Unboxing: Java automatically converts the Long object to a long primitive as needed (and similarly for other types).
Reflection: ... probably too much to explain right now, given where you are
On the other questions... Yes, Clojure runs on the JVM and uses Java's types inside so it has Java's primitive long and double types but otherwise everything is an Object of some sort (and long / double are "boxed" to Long / Double as needed). That means all arguments are type Object in JVM bytecode - except for the primitive type examples I showed - and so what is passed is a reference to the underlying data. But that "Object reference" is technically passed-by-value, and when you have functions that actually take primitive arguments, those are passed-by-value too. Does that make sense? You're passing an Object reference by value. This may help: http://www.javaworld.com/javaqa/2000-05/03-qa-0526-pass.html
On types, yes, all of Clojure's type checking happens at run-time. In the absence of any type hints declared on arguments or return types, Clojure compiles the code so arguments are type Object and return types are also Object. Wherever a more specific type is required at run-time, a cast is attempted and if the object's type is not compatible, you'll get a run-time exception. The type hints tell the compiler that you're only going to pass certain types and/or return certain types. It's actually a little more complex than that because the following code happily compiles and runs:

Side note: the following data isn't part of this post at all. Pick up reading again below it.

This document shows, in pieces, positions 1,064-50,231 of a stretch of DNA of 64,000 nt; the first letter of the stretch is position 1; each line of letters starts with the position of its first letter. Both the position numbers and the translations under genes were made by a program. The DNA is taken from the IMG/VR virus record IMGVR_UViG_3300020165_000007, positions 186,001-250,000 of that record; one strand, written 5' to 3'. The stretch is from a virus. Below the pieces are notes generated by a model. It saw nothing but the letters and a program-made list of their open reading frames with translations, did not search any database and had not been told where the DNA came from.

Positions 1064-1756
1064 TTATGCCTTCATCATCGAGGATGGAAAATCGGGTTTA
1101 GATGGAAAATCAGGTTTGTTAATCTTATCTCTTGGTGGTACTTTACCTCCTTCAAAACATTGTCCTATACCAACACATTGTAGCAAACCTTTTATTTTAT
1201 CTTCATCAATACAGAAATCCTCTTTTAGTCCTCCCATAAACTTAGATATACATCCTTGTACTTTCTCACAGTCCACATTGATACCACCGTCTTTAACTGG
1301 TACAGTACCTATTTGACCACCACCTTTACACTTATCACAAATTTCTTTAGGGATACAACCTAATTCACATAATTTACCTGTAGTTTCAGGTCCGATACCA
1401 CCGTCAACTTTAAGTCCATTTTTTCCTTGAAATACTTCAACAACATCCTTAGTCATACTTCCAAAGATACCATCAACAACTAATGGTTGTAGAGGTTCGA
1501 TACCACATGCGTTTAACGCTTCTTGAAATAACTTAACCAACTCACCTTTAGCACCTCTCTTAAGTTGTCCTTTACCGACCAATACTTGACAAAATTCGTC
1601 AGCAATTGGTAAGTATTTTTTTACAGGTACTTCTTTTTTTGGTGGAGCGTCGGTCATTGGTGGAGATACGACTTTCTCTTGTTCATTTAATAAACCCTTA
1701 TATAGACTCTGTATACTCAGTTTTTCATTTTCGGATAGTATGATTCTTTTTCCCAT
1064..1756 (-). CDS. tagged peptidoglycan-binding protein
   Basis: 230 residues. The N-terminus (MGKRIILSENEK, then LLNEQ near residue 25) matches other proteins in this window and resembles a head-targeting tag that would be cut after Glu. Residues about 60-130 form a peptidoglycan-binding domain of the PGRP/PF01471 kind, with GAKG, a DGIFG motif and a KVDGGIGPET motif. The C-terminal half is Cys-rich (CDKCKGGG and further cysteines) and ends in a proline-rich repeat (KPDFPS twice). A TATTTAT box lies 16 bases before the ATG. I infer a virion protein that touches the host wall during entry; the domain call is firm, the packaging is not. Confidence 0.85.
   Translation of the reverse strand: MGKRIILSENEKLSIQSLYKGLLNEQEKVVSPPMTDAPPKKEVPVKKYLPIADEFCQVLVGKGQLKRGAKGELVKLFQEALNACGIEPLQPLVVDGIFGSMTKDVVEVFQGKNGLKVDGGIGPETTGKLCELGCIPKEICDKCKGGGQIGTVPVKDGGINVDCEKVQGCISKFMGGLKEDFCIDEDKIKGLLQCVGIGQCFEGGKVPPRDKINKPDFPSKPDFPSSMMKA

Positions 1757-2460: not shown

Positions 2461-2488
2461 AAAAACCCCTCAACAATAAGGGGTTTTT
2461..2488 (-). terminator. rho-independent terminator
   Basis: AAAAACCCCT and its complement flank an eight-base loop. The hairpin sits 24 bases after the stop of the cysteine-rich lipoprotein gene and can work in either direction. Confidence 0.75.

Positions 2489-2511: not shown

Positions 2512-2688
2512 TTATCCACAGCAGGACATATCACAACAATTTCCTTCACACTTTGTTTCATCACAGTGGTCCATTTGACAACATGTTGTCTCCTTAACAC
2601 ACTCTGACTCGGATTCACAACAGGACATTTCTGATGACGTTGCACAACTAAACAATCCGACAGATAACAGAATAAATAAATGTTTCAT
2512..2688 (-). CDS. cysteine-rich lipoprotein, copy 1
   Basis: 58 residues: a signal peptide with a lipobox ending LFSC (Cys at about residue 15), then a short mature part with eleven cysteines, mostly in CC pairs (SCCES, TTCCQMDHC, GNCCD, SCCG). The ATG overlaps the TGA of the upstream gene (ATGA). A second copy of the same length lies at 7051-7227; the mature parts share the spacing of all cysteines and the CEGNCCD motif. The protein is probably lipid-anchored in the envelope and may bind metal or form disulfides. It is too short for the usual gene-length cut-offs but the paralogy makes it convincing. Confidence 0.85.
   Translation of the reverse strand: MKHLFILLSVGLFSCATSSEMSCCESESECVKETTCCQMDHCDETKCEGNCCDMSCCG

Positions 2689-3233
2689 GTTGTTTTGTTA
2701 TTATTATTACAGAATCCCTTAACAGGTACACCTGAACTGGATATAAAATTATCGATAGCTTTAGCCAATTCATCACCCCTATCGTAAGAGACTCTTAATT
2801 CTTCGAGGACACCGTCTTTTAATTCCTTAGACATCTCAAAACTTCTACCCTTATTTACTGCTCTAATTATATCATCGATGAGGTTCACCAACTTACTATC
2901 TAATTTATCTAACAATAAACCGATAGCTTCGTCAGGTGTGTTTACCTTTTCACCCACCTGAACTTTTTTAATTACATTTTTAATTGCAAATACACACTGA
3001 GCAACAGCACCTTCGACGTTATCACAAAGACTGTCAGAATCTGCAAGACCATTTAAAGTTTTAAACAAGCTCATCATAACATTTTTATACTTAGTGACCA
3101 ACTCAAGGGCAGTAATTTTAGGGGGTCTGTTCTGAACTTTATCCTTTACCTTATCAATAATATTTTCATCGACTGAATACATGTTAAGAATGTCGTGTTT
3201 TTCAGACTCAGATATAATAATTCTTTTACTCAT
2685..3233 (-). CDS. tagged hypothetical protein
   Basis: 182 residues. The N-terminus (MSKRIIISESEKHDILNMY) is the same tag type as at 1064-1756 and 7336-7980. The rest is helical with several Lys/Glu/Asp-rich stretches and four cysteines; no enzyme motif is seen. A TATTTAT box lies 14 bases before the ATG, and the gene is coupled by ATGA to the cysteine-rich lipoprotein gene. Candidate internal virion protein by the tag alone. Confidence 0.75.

When you call (f4 42) it will return 84 and (f4 "abc") will fail on the + operation (can't cast String to Number). The type hint here isn't forcing the argument types or return types, but if you called Java methods on x inside the function, Clojure would assume it was a String and wouldn't add code to check that it really was that type.
So, bottom line: Clojure is pass by value (like Java) and does all its type-checking at run-time (unlike Java).
Joined: Apr 17, 2013
Okay, so these questions were way more complicated than i had expected but i was finally able to rattle my brain and make something come out for my paper, so heres what i have so far word-for-word perhaps you can tell me if this is all right, or if there's something i should add, etc:
Binding of data types: Are data types bound to variables and parameters at compile-time? run-time? a combination?
Clojure does all of its type-checking at run-time. Clojure first compiles code and converts it to type object(the return types are also object). When a more specific type is required at run-time a cast is attempted to fetch the specific type of that object. A run time exception will occur if the object’s type is not compatible. For example: